US corn planting lag hopes, wheat plantings unchanged at 3%: USDA


Corn planting across 18 main US states continues to lag both previous year’s progress and analysts’ expectations in the week ending April 22, according to data from the USDA’s weekly crop plantings report.

Bad weather across many of the states, with heavy rain in the Mississippi Delta and snow still in the upper Midwest, means plantings are lagging well behind both for corn and spring wheat.

The market had expected US corn plantings to reach 6-7%, but came in at an underwhelming 5% – ten percentage points behind the same point of 2017 and nine behind the five-year average.

For spring wheat, plantings across six main states has held unchanged at 3% week-on-week, despite Idaho seeing its progress jump from 24% to 40%.

Minnesota, Montana and North Dakota are still to start planting, according to the data, with the latter two states among the top four producers of wheat in the US.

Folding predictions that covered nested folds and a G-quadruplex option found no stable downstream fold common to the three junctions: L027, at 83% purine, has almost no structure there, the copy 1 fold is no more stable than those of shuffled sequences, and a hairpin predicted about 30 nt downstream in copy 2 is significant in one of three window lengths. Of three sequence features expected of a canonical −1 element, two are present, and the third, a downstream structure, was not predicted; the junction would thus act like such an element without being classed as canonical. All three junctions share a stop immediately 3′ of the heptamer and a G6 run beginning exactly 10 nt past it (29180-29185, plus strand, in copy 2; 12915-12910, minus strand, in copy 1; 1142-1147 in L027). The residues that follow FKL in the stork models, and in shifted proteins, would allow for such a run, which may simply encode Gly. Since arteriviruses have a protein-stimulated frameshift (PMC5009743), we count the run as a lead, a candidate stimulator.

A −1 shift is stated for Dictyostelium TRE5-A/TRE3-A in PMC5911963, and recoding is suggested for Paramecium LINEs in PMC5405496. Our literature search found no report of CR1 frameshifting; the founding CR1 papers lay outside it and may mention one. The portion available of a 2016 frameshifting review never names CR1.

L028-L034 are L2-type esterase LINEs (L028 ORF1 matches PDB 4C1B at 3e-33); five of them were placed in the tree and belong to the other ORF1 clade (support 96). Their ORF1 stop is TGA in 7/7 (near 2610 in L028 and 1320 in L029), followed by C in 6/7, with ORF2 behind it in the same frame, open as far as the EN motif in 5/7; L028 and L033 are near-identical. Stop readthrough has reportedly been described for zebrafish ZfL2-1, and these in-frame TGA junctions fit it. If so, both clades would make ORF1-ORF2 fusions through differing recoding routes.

Winter wheat conditions were also largely unchanged week-to-week, with overall excellent condition adding one percentage point to 6%, while 37% of all US winter wheat production remains in the ‘poor’ or ‘very poor’ category – versus 13% last year.

Soybean planting data also appeared for the first time, with the 2% progress matching the five year average, although major players like Iowa and Illinois are yet to start.

Sorghum plantings continue to match last year’s pace and the five-year average across 11 key states, with 24% of the crop now in the ground – despite uncertainty swirling around the destination for US sorghum exports in the wake of China’s decision to levy a hefty deposit on its US imports.

Finally, barley planting also remains well behind last year’s planting rate, with only two of the five main states making any planting progress.

At 11%, barley planting is at just a third of the five year average for this point of the year – with emerged barley at 2%, versus the average of 7%.

The USDA is forecasting wheat production of 1.7 billion bushels, 364 million sorghum bushels and 142 million bushels of barley.

Corn and soybeans are expected to come in at 14.6 billion bushels and 4.3 billion bushels respectively.


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